The Maori Party also supports the recommendation from the Select Committee that provided for judges to recognize the rights affirmed in section 25 of the New Zealand Bill of Rights Act 1990.
I think it is important to revisit some of these fundamental rights.
The rights to:
- A fair and public hearing by an independent and impartial court;
- be tried without undue delay;
- be presumed innocent until proved guilty according to law;
- not to be compelled to be a witness or to confess guilt;
- the right, if convicted of the offence, to appeal according to law to a higher court against the conviction or against the sentence or against both;
- the right, in the case of a child, to be dealt with in a manner that takes account of the child's age.
These are basic, fundamental rights; rights of a democratic justice system.
We are very interested in the new restrictions that have emerged, on the right to remain silent so as not to self-incriminate to be available only to those facing prison.
The right to remain silent is an issue that has been confronting the nation, face on, in the midst of the media frenzy around the death of the two Kahui babies.
If one took the talkback shows as a gauge of public opinion, the shock waves that rumbled throughout Aotearoa with the reluctance of the family to come forward, would certainly indicate that as a nation, there was universal condemnation of the delay.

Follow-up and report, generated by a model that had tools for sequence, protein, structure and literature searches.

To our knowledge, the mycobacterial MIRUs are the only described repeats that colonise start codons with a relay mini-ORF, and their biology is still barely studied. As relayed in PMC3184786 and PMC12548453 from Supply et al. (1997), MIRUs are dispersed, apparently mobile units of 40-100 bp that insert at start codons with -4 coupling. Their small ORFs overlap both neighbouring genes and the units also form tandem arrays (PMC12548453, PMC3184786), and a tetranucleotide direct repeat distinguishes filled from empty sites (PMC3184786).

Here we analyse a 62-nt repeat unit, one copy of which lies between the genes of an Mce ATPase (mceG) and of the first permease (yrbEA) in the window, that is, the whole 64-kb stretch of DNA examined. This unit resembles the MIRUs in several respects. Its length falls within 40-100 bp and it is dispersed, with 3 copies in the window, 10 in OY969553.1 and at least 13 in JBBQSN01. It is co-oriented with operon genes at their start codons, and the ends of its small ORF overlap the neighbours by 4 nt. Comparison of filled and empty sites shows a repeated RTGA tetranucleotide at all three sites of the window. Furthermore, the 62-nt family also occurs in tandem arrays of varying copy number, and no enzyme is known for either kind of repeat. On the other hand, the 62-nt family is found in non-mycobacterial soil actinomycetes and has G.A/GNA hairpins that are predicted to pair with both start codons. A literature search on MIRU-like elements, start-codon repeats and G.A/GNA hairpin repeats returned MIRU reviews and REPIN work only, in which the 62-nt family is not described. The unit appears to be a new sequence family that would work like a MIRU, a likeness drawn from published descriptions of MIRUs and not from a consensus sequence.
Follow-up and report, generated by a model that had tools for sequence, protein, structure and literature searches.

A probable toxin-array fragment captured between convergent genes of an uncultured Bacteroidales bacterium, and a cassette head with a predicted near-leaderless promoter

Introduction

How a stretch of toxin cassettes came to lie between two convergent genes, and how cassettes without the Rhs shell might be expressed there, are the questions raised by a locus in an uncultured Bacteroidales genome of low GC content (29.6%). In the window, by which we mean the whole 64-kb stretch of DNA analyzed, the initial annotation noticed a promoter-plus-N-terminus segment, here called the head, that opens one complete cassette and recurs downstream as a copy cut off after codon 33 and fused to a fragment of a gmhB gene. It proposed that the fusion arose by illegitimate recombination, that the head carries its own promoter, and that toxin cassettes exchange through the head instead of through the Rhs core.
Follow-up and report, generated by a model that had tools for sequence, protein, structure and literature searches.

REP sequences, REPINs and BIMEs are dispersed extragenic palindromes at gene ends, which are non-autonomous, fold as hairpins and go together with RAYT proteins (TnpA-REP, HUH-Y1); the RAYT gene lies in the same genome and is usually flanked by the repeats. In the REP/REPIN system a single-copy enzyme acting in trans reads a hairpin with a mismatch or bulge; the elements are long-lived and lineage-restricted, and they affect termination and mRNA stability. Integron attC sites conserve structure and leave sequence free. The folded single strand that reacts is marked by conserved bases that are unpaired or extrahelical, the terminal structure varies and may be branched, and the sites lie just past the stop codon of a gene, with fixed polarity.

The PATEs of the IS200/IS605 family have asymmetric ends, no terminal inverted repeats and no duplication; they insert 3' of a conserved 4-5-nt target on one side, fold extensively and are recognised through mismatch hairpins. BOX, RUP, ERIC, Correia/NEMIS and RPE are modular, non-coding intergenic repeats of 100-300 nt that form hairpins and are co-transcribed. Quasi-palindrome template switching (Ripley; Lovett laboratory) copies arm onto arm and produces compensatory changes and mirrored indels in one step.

But as the defence lawyer Gary Gotlieb stated, the family members were entitled to remain silent – whatever the nation thought. It was a basic principle of our law, no matter how controversial, or how unpopular, everybody has the right to remain silent.
Mr Speaker, the Evidence Bill sets in place a massive amalgamation of the various aspects of the law of evidence.
And I want to just return, again, to these concepts of logic, of fairness to parties and witnesses, of rights of public interests.
I was interested in the speech delivered by Mr Fairbrother at the first reading of this Bill, when he reminded the House, and I quote:
“in the criminal law, where the State is the prosecutor, we are really not in a battle about truth but in a power relationship. …that imbalance of power underlies many of our rules on the law of evidence, and most of those rules will still be carried forward in this new Evidence Bill”.
Ngati Kahungunu lawyer, Moana Jackson, in his legendary report The Maori and the Criminal Justice System - a new perspective: He Whaipaanga Hou gave further explanation of this power relationship, in suggesting the ideal of an ‘accultural and independent justice’ is always fraught; and that law, as with any other social practice, is culturally bound.
Thus being the case, the Maori Party would be interested, when this Bill enters into the Committee stage, to understand and see clarification of the nature of the power relationship that Maori were able to enter into, in contributing to the discussions around evidence.
While the list of individual submitters included some familiar names such as Annette Sykes and Maui Solomon, and the list of organisations included Te Puni Kokiri and the Maori Land Court, it is disappointing to see that there was no formal forum by which hapu and iwi or Maori justice organisations were met with.
It is plain common sense that evidence law affects every statement made by every witness in every court – so is important not just that rules are clear, simple, accessible – but that they are culturally relevant.
The Maori Party, in our very Parliamentary presence, stands for the values of democracy, as ‘a form of government in which the people have a voice in the exercise of power’.
We will support the Evidence Bill at its Second reading, because of our respect of the voices from people within the Law Commission, within the Maori Advisory Committee, and those consulted.